Germline mutations in BRCA1 and BRCA2 explain approximately 25% of all familial breast cancers. Despite intense efforts to find additional high-risk breast cancer genes (BRCAx) using linkage analysis, none have been reported thus far. Here we explore the hypothesis that BRCAx breast tumors from genetically related patients share a somatic genetic etiology that might be revealed by array comparative genomic hybridization (aCGH) profiling. As BRCA1 and BRCA2 tumors can be identified on the basis of specific genomic profiles, the same may be true for a subset of BRCAx families. Analyses used aCGH to compare 58 non-BRCA1/2 familial breast tumors (designated BRCAx) to sporadic (non-familiar) controls, BRCA1 and BRCA2 tumors. The selection criteria for BRCAx families included at least three cases of breast cancer diagnosed before the age of 60 in the family, and the absence of ovarian or male breast cancer. Hierarchical cluster analysis was performed to determine sub-groups within the BRCAx tumor class and family heterogeneity. Analysis of aCGH profiles of BRCAx tumors indicated that they constitute a heterogeneous class, but are distinct from both sporadic and BRCA1/2 tumors. The BRCAx class could be divided into sub-groups. One subgroup was characterized by a gain of chromosome 22. Tumors from family members were classified within the same sub-group in agreement with the hypothesis that tumors from the same family would harbor a similar genetic background. This approach provides a method to target a sub-group of BRCAx families for further linkage analysis studies.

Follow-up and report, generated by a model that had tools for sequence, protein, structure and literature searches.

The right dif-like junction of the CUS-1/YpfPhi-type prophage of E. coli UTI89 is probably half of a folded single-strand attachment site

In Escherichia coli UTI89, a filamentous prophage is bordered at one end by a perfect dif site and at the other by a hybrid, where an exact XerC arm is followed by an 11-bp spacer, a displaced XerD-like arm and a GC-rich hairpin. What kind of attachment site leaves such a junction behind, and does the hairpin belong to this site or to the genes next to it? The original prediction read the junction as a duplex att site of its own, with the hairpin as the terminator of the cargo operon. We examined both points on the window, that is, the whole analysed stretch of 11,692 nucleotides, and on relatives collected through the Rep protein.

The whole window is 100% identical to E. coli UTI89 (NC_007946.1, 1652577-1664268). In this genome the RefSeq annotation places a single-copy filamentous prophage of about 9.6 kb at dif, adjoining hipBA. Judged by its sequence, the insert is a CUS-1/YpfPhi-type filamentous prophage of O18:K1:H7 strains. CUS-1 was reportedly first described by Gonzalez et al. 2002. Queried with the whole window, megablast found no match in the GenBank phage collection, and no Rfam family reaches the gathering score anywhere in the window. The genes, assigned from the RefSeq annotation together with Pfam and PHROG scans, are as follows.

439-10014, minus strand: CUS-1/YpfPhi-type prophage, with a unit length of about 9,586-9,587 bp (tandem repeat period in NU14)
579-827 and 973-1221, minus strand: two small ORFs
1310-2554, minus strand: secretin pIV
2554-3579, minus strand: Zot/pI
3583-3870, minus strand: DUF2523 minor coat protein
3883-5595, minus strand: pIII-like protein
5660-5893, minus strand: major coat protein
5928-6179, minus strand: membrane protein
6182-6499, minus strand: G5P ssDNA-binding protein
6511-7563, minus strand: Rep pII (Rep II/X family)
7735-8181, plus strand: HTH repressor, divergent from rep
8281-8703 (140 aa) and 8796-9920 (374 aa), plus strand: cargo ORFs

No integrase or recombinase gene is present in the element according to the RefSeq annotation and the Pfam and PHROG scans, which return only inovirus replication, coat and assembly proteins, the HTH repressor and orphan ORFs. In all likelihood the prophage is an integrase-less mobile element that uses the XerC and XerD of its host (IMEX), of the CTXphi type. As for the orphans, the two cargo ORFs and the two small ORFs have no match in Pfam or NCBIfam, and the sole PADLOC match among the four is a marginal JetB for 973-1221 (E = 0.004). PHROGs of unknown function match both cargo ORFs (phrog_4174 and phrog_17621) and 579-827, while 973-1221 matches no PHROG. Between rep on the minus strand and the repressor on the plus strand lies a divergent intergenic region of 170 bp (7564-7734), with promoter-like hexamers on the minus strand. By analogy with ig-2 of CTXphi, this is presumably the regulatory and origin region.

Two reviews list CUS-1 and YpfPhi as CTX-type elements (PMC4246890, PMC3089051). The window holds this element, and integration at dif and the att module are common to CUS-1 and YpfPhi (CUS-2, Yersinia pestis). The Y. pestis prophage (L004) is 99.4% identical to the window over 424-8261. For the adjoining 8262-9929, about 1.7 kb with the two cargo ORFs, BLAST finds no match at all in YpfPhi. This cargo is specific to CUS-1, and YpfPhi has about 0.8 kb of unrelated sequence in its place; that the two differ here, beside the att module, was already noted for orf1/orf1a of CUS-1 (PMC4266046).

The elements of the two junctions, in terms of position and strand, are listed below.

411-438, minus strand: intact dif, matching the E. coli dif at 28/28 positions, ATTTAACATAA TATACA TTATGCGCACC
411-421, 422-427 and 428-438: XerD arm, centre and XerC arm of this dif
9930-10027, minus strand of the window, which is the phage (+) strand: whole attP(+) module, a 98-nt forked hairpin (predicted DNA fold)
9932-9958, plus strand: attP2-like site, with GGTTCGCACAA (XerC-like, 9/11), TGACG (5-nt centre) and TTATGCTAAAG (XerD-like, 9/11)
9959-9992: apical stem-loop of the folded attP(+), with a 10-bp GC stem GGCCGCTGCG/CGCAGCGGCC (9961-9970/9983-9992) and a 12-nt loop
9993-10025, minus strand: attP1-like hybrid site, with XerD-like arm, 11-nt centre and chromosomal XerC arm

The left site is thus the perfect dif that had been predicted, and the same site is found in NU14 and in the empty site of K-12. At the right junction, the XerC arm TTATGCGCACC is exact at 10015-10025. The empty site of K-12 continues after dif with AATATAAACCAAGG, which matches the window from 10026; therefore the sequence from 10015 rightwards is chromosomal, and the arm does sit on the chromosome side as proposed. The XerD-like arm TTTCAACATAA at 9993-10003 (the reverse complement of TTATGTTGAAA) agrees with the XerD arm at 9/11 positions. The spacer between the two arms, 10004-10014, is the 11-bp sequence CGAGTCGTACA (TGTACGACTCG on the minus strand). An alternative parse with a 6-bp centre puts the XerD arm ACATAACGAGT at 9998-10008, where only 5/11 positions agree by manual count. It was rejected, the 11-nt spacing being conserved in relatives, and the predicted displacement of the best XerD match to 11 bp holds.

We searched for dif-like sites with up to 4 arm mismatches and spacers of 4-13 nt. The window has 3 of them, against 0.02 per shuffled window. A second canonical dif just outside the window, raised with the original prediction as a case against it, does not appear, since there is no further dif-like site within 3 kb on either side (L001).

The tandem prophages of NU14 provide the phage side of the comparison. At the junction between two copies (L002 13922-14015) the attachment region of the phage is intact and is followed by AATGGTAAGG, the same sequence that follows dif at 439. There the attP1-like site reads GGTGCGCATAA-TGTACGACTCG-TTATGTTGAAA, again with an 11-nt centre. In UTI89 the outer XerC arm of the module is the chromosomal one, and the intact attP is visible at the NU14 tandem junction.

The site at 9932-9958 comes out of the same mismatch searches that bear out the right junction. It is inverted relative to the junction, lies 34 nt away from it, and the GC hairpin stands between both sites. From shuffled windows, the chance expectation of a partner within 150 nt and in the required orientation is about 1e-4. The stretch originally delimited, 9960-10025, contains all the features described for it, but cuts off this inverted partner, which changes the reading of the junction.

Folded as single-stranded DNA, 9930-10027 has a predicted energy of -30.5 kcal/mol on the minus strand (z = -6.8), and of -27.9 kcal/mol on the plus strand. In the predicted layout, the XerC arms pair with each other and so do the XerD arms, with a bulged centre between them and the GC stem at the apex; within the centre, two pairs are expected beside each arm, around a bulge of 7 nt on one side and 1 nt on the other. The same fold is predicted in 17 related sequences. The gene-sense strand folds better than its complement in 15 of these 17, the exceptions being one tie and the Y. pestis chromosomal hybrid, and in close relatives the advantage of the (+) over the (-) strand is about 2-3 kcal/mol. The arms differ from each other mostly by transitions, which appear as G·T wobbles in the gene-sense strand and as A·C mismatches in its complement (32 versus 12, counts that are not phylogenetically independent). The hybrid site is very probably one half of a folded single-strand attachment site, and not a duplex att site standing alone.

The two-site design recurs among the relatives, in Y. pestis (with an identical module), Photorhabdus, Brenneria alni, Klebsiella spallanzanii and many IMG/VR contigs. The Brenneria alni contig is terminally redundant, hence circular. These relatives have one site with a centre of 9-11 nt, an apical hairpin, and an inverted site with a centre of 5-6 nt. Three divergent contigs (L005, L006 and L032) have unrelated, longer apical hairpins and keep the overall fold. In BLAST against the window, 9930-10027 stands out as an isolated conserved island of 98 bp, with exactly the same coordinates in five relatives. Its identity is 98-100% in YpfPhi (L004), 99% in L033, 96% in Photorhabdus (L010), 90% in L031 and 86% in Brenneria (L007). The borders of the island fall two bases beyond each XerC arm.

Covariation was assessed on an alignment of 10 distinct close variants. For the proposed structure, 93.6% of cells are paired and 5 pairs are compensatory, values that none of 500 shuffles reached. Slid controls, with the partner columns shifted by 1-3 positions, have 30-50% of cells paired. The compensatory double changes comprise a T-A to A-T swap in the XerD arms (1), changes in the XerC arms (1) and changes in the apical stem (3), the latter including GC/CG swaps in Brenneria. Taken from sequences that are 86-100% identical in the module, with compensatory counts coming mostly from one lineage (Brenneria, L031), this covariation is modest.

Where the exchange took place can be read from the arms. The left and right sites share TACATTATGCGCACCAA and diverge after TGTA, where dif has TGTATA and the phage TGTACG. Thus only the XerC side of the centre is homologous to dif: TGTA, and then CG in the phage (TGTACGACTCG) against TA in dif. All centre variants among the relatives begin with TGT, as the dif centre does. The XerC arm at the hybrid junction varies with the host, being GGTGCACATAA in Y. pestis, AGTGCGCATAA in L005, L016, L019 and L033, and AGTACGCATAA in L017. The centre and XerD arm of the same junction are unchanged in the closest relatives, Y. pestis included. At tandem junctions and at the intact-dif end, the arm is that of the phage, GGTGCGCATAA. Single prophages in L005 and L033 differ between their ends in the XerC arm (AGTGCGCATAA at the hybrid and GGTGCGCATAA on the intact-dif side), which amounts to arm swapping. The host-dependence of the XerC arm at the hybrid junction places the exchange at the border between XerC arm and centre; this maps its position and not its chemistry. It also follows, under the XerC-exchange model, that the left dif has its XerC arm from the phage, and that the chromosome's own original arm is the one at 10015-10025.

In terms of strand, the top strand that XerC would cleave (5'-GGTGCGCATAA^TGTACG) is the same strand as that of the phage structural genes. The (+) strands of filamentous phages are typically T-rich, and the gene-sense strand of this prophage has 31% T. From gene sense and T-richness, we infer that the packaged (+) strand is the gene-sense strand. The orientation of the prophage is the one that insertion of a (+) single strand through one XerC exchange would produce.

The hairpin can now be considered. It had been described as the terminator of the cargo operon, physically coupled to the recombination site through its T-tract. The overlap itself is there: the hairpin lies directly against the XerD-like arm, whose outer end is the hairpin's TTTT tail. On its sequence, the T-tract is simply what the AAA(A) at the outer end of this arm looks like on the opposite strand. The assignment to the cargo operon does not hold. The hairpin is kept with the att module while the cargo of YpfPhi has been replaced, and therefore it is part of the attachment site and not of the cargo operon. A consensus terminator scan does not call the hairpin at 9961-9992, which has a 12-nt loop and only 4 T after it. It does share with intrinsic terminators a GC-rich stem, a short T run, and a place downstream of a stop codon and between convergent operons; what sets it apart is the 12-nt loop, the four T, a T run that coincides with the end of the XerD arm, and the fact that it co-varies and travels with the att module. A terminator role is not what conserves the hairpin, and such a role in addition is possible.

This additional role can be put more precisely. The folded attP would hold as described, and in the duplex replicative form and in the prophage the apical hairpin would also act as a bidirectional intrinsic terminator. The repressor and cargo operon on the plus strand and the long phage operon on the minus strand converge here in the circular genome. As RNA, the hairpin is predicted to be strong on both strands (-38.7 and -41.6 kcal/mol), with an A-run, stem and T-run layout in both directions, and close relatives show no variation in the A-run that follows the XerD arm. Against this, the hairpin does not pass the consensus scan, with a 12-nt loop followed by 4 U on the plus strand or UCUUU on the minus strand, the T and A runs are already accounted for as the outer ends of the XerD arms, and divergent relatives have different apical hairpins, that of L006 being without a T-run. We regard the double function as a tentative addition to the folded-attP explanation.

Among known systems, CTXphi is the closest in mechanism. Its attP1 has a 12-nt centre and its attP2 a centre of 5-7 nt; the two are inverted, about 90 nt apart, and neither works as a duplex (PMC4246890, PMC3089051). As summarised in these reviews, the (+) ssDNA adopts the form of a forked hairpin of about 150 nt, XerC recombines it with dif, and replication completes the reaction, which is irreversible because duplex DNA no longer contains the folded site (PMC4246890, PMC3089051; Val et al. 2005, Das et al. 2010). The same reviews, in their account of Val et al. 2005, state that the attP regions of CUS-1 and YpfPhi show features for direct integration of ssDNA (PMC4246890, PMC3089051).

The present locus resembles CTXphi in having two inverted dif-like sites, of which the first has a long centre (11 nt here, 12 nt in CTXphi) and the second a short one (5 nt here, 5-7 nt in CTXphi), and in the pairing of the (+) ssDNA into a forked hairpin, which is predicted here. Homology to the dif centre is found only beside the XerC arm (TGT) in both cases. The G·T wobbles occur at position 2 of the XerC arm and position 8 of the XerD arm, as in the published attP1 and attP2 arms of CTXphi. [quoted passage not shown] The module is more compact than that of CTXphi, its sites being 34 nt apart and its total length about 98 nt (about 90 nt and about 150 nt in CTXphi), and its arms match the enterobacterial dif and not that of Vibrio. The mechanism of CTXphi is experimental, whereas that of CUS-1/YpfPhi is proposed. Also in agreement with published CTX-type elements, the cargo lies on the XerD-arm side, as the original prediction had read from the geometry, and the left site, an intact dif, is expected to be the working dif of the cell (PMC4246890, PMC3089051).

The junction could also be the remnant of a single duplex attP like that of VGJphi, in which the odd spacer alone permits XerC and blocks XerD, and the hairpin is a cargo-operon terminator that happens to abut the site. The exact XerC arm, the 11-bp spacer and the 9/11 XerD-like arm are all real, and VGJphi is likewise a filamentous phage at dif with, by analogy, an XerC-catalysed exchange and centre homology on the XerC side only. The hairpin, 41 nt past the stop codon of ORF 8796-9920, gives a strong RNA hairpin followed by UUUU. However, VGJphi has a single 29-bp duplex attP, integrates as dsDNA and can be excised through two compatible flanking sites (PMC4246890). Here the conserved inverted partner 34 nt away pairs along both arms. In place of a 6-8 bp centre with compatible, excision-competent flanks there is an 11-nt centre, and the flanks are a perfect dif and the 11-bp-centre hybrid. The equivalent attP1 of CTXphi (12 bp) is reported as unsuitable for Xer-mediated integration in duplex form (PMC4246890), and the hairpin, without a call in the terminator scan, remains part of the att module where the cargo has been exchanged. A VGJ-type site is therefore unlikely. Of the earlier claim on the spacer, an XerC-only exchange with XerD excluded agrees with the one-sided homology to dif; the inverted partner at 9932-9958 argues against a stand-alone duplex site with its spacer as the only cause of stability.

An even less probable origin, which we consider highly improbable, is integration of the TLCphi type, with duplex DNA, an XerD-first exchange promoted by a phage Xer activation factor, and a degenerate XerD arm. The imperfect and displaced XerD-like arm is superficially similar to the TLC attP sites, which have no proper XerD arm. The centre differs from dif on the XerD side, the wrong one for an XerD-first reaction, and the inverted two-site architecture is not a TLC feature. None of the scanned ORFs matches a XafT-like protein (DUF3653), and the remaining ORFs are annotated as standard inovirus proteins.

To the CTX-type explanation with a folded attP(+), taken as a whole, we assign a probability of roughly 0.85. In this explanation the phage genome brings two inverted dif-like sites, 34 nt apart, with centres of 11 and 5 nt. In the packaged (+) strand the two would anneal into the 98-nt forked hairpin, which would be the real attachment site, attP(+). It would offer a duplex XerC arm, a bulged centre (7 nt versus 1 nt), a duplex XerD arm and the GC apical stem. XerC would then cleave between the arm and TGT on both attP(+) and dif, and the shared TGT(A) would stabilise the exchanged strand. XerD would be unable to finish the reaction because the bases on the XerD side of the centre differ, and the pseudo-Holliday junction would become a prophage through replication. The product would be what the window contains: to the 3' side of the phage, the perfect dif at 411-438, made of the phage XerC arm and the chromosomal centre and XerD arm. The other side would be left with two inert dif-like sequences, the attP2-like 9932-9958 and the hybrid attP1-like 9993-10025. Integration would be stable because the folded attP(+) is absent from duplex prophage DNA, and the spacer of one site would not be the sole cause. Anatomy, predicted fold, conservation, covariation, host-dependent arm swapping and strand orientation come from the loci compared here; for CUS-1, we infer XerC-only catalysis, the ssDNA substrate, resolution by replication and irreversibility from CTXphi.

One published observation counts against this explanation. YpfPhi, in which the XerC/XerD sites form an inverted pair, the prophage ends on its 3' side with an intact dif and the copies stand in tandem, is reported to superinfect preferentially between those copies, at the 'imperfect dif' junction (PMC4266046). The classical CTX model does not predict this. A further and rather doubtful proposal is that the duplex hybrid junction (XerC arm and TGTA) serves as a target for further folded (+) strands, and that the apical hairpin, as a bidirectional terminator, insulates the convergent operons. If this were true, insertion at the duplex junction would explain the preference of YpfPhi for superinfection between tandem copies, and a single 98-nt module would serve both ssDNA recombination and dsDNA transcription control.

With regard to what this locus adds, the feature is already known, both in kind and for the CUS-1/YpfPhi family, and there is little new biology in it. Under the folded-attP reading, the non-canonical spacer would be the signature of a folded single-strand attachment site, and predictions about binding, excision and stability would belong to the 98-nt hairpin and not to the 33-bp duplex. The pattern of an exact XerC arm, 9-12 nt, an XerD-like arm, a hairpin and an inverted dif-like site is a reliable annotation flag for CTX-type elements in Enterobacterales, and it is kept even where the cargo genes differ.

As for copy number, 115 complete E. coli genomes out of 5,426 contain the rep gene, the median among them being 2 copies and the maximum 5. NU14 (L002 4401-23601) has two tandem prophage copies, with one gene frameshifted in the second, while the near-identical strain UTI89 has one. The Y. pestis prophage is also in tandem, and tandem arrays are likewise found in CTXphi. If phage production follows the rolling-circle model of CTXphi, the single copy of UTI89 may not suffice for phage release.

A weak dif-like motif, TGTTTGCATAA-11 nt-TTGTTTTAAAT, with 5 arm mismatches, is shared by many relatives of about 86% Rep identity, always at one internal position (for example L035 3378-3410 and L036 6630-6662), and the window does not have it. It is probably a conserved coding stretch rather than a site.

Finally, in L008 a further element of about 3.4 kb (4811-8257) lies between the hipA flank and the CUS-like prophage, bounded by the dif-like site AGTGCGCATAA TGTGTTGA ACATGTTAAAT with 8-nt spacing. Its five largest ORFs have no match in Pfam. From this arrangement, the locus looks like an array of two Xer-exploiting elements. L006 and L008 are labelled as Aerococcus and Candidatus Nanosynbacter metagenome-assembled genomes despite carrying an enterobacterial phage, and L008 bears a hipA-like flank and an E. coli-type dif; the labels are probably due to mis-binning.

Additional Metadata
Keywords Breast cancer, CGH, Formalin fixed paraffin embedded, Hereditary cancer, Primary tumors
Persistent URL dx.doi.org/10.1007/s10549-011-1357-x, hdl.handle.net/1765/33601
Citation
Didraga, M.A., van Beers, E.H., Joosse, S.A., Brandwijk, K.I.M., Oldenburg, R., Wessels, L.F.A., … Nederlof, P.M.. (2011). A non-BRCA1/2 hereditary breast cancer sub-group defined by aCGH profiling of genetically related patients. Breast Cancer Research and Treatment, 130(2), 425–436. doi:10.1007/s10549-011-1357-x